Facebook Boosts Security for Midterm Elections, Including Photo and Video Fact-Checks

April 11, 2018
Anna Hubbel
Photo Reutuers/Danny Moloshok

With the world now closely watching, Facebook is feeling the pressure as it prepares for this year’s US midterm elections. The stakes are high as the most popular social platform continues to recover from the negative press it’s been receiving after it was discovered that Russian trolls misused it to deliver divisive political messages during the 2016 US Presidential Election.

According to CNet, part of Facebook’s plan for the upcoming US midterm elections includes fact-checking photos and videos in addition to links. Facebook has never done this before, but hopes it will make a difference in the crackdown on fake news.

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In a Facebook blog post, Guy Rosen, vice president of product management, said, “Now, none of us can turn back the clock, but we are all responsible for making sure the same kind of attack our democracy [sic] does not happen again. And we are taking our role in that effort very, very seriously.”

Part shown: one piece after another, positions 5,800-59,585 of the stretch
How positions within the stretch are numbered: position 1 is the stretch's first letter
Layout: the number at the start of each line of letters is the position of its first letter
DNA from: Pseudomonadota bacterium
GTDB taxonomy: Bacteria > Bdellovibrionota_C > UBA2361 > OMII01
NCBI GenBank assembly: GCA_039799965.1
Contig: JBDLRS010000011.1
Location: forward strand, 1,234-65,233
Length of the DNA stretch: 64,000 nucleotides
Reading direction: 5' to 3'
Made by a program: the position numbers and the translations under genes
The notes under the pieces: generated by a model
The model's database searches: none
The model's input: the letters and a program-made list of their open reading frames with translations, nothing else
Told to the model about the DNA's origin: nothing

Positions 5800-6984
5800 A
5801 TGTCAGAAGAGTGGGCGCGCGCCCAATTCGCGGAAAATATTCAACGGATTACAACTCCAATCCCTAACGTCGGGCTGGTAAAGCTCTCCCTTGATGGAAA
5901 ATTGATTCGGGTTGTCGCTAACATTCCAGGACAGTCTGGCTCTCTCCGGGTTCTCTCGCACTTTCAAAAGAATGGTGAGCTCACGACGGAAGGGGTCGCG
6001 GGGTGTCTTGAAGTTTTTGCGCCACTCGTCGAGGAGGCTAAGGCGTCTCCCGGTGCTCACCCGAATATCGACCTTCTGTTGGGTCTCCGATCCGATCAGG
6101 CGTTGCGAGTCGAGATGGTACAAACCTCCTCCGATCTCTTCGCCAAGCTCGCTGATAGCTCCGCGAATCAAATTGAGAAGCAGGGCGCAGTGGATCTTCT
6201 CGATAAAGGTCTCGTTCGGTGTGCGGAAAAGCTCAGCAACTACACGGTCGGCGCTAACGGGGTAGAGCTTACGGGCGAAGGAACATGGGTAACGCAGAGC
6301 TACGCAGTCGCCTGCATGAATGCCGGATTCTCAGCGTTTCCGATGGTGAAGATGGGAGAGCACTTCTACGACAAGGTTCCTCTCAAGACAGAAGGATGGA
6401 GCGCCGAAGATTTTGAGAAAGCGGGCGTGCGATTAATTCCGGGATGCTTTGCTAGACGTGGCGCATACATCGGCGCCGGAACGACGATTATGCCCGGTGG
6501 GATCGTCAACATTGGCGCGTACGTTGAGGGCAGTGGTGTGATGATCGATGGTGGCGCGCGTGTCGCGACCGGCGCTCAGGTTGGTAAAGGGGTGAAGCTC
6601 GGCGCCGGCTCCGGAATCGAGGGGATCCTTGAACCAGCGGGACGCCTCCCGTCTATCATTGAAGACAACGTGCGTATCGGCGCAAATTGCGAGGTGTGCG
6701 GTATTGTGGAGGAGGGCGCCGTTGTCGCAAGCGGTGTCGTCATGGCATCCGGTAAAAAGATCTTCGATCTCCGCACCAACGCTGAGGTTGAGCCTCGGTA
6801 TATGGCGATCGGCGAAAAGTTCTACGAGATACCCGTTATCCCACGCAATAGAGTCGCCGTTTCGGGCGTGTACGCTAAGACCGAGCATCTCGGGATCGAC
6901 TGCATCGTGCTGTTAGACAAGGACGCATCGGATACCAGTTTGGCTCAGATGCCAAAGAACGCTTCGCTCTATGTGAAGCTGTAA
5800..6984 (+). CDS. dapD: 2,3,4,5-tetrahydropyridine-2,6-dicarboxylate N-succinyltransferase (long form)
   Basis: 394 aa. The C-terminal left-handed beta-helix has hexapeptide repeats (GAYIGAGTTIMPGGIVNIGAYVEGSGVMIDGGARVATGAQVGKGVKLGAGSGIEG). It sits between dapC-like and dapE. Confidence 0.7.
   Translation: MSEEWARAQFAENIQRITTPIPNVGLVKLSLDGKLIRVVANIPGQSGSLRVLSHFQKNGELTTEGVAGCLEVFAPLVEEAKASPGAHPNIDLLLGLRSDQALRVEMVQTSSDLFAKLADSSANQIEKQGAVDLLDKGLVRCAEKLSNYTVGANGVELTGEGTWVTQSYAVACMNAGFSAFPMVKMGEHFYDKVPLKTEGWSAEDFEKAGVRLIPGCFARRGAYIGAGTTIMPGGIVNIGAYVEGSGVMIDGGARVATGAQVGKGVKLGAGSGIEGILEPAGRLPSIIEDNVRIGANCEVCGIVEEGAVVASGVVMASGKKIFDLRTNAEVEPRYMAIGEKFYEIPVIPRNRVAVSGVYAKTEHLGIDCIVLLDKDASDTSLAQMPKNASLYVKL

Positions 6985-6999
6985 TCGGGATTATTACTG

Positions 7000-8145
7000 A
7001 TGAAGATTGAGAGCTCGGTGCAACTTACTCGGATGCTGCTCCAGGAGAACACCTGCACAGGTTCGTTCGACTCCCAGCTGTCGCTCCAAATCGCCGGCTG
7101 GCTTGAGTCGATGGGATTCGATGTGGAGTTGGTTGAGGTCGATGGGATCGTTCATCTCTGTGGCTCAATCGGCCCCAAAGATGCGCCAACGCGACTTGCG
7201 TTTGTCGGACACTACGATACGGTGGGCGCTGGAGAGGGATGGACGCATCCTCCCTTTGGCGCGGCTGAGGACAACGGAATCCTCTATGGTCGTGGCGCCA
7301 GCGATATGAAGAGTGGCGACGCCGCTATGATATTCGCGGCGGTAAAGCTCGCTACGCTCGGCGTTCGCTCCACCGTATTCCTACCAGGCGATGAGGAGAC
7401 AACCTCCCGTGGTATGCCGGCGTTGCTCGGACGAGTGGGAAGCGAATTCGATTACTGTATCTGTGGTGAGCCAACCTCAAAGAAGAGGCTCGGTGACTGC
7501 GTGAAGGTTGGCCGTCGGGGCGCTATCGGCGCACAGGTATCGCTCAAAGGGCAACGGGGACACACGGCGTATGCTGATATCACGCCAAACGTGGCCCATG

To guide its efforts in preventing misconduct during elections, Facebook says there are four main security areas the company is focusing on: combating foreign interference, removing fake accounts, increasing ad transparency, and reducing the spread of fake news.

Facebook’s efforts will reportedly extend to elections outside of the US as well. The company intends to zero in on security issues at the local level to prevent misuse before it can grow at a national level.

CNet says Facebook has partnered with Agence France-Presse, a news provider, to get the fact-checking process up and going in France. The process will, however, be expanding to other countries in the near future.

Fighting fake news and misuse of its platform is more important than ever for Facebook. Just when the Russian interference was getting to be old news, the Cambridge Analytica scandal took center stage. The analytics firm was recently discovered to have manipulated campaign messages during Trump’s presidential campaign using personal information deceitfully harvested from over 50 million users. As a result, Facebook’s credibility has taken a major hit.

Perhaps a new day is dawning, however, as the company continues to demonstrate its intent to protect the security of its platform and those who use it.

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